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But the rulemakers were clearly distressed about patients whose lives faced harm thanks to their protectionist policy with sedatives — specifically, the maltreatment of seniors and young children subjected to schizophrenia drugs for unapproved conditions thanks to a rapacious drug-marketing pipeline.
“We believe the profitability of products not subject to normal price negotiations,” as Medicare blandly put its astute finding, “is a strong incentive for the promotion of overutilization, particularly off-label overutilization, of some of these drugs.”
More than half of Americans on antipsychotics in a year surveyed “had no psychiatric diagnosis,” according to Medicare. There is clearly something anything-goes about the antipsychotic sales juggernaut, in its view. Something that has roped in “individuals with dementia … persons for whom antipsychotics are being used as sleeping aids … and children who have not been diagnosed with a disorder for which an antipsychotic medication has been FDA-approved.”
Medicare was not getting cautious about antipsychotics because of the bottom line — it was feeling guilty. It had helped make these agents of questionable medical utility and certain potential for harm ridiculously profitable. It had done this by putting them in a hallowed reimbursement category shared by cancer drugs, and that enshrinement had encouraged drugmakers to broaden their market far beyond the treatment of rare illnesses like schizophrenia.
The administrators’ attack of conscience was wasted on patient advocates, however, who quickly lined up to demand tax-funded psychotropic medications at any price. Take the AIDS Institute, for example, which effectively waved off concerns over seniors with dementia being given the added insult of antipsychotics, by arguing that “ensuring that those living with HIV are adherent to both mental health drugs and HIV drugs is especially important,” and, “part of encouraging adherence to mental health drugs (both antidepressants and antipsychotics) is ensuring that patients have access to the drugs that work best for them and have the least challenging side effects.”
Children being given sedatives for unapproved uses were clearly not their problem, either.
Pills have consequences
Patient groups would do well to pick up a new critical history of the drugs they just rallied so loudly to protect, “The Bitterest Pills, The Troubling Story of Antipsychotic Drugs” by British psychiatrist Joanna Moncrieff. Moncrieff describes how “companies promoted antipsychotics for use in elderly people with dementia, targeting the staff of nursing homes and pharmacies despite the fact that they were not [approved] for the treatment of dementia, and regardless of accumulating evidence that the use of antipsychotics in nursing homes shortens people’s lives.”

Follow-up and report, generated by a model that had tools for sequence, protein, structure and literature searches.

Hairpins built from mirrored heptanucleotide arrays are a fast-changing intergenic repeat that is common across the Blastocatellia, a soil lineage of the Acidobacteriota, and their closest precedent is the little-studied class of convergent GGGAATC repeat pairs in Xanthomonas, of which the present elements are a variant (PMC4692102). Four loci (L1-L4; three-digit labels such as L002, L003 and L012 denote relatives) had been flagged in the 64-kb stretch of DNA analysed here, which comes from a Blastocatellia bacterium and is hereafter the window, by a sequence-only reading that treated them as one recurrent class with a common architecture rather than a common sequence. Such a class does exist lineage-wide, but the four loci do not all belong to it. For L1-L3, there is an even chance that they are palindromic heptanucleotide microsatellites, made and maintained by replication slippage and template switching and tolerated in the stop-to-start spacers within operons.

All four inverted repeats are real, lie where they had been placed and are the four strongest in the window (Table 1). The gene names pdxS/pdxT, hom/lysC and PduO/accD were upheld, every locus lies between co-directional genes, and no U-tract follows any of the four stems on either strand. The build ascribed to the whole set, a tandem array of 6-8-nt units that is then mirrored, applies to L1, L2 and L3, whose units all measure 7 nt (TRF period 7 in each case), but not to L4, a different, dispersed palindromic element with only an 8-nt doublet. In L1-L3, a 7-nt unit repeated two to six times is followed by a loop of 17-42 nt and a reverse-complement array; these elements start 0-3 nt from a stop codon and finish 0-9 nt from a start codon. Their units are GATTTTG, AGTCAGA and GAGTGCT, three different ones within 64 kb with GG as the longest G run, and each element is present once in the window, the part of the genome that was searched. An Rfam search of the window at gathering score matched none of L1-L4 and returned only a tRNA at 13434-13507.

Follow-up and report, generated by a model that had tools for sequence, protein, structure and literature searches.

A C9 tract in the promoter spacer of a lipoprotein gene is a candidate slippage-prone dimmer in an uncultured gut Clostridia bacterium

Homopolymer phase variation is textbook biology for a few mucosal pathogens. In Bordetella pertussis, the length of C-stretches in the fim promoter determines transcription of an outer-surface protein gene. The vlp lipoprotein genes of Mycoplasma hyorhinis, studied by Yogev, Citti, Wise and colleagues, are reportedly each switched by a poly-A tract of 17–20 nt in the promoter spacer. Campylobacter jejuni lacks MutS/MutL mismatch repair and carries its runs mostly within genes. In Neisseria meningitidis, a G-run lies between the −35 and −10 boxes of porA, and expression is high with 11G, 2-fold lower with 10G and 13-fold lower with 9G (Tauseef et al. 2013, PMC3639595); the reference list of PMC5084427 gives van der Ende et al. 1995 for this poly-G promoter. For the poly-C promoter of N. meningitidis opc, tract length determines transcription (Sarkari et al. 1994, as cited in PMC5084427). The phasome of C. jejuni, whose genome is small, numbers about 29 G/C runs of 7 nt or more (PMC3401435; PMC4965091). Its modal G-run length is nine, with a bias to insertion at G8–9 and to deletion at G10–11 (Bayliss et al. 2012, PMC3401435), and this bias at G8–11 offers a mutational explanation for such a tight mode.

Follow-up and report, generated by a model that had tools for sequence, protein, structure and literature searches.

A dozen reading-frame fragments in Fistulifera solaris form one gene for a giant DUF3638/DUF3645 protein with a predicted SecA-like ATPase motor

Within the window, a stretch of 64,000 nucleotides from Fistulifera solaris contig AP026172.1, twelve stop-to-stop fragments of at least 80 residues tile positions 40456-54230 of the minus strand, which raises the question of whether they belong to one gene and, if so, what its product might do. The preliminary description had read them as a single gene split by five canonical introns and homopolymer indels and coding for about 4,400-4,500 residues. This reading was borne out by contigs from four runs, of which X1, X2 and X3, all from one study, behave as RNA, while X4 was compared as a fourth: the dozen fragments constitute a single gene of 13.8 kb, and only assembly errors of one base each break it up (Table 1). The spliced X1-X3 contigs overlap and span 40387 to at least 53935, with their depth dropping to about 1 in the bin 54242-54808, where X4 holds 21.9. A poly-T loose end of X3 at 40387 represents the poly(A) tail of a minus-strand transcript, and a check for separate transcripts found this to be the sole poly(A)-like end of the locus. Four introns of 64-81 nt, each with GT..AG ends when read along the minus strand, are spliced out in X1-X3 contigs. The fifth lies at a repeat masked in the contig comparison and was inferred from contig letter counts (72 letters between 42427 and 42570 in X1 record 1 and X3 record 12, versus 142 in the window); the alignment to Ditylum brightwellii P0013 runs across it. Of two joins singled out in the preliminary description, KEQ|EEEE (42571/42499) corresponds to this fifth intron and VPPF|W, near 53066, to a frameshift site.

Moncrieff might help them better appreciate how “a motley collection of unpleasant and toxic substances could rise to modern day blockbusters” … “prescribed to millions of people worldwide, including children, many of whom have never even seen a psychiatrist.”
Patient advocates might learn that not every pill is worth going to the wall for — that studies show brain shrinkage associated with long-term use of antipsychotics, heightened risk of diabetes, heart failure and metabolic disorders. They might take pause in their troubling commonplaceness in the wake of the bipolar boom, and how, as a result, “antipsychotics have become everybody’s problem.”
Medicare’s aborted attempt to fix a prescribing system that won’t police itself placed so many health care ironies on display: That a reform meant to increase competition could be depicted as harming competition. That a reform meant to trim waste could be depicted as wasteful. That a reform meant to protect seniors was depicted as harming seniors.
It’s no fun to raise awareness about the groups raising awareness. I can say from experience that you invite the scorn of the lawmakers, professional societies, social-services providers and state-agency heads taking direction from these defensive and outfoxed organizations. But if the alternative means ever more sickness and ignoring the lessons of our errors, it sure seems worth trying.
Paul John Scott is a health-sciences writer living in Rochester. On Twitter: @pauljohnscott.
The Opinion section is produced by the Editorial Department to foster discussion about key issues. The Editorial Board represents the institutional voice of the Star Tribune and operates independently of the newsroom.